Write for the sake of writing. If you get published fine, if not just continue writing. Let me tell you a secret, my friend, getting published is a huge distraction from writing.
ML: You run writing workshops occasionally. Tell us more about that.
AH: Over the course of a 5-session workshop, I discuss crafting a piece of fiction: “How to create characters who breathe on the page,” “The art of writing dialogue,” “Plot is the thing: Suspense and conflict,” “Point of View” and “Setting.” I distribute five short stories to the participants prior to the beginning of the workshop. During each session, participants are encouraged to read the text and analyze one element mainly. After that, members will be asked to read their own work out loud and get constructive feedback from peers. This way the workshops help the writers build skills from session to session. I will probably have some more workshops in the fall or winter. Your readers can check my website for updated information. www.avahoma.com
ML: What are you working on now?
AH: I am currently working on the manuscript for a novel called Hush. Hush is a novel told from multiple points of view that captures both the life of a nation at large and that of a family in detail. Hush shows the ordeal of the Kurds in both Iran and Iraq as well as the 2009 post-presidential election crisis in Iran. This novel shows both sides of the story that consist of hope and horror, solidarity and betrayal, pain and strength.
ML: Is there anything that you want Iranian communities, in the diaspora or elsewhere, to get from your writing?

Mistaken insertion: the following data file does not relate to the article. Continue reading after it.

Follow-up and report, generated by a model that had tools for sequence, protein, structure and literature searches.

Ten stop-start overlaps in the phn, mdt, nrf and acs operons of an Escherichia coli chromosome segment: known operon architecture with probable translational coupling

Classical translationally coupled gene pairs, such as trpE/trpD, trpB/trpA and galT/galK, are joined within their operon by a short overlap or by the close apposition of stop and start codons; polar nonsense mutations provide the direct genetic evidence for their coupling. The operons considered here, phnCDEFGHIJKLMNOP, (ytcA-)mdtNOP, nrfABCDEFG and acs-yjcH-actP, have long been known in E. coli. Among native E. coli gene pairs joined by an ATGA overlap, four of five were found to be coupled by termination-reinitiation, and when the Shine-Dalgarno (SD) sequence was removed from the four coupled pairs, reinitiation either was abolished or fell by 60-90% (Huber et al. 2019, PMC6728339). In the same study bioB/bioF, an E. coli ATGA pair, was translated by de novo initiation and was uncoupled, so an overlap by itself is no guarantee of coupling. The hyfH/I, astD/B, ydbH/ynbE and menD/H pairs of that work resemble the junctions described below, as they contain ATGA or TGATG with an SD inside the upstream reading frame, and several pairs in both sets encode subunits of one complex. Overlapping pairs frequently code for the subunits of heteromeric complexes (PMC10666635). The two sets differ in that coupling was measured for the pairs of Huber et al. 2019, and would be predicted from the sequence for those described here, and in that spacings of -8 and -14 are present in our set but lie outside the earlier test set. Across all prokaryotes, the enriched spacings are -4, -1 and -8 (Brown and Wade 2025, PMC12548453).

AH: I think habitualization is human’s enemy and saviour at the same time. It’s the reason we can survive even extremely tough situations and it is the reason we internalize injustice. I want all my readers and not just my fellow country people to re-think some already established ideas such as gender roles, the role religion plays in everyday life, etc. I also think we need circles of healing. After years of living under tyrannical regimes, economic instability and all forms of oppression, we need to get together, tell tales, support and understand each other, get rid of our internal “windigo” and recover.
ML: What advice do you have for writers out there who are having difficulties with their writing, or who have yet to see their work in print, or who are afraid to perform their poetry?
AH: It’s unfortunate that being published and recognized is mistaken for being a great writer. I have seen more under-appreciated talents than I’ve seen worthwhile “big names.” Write for your soul and for the beauty of writing. Everything else is just noise. If you are true, honest and patient with your talent, you’ll finally get what you deserve.
ML: Are there any other comments that you’d like to share about your writing, the writing process and getting published?
AH: Thanks to you May Lui and to Black Coffee Poet! I wish you and your audience tons of happiness.
May Lui is a Toronto-based writer who is mixed-race, anti-racist, feminist and an all-around troublemaker. She blogs at maysie.ca, ranting and raving at any and all injustices and uses the f-bomb regularly. She’s been published in the Toronto Star, Fireweed Magazine, Siren Magazine, in the anthology With a Rough Tongue: Femmes Write Porn, at section15.ca and rabble.ca. Contact her firstname.lastname@example.org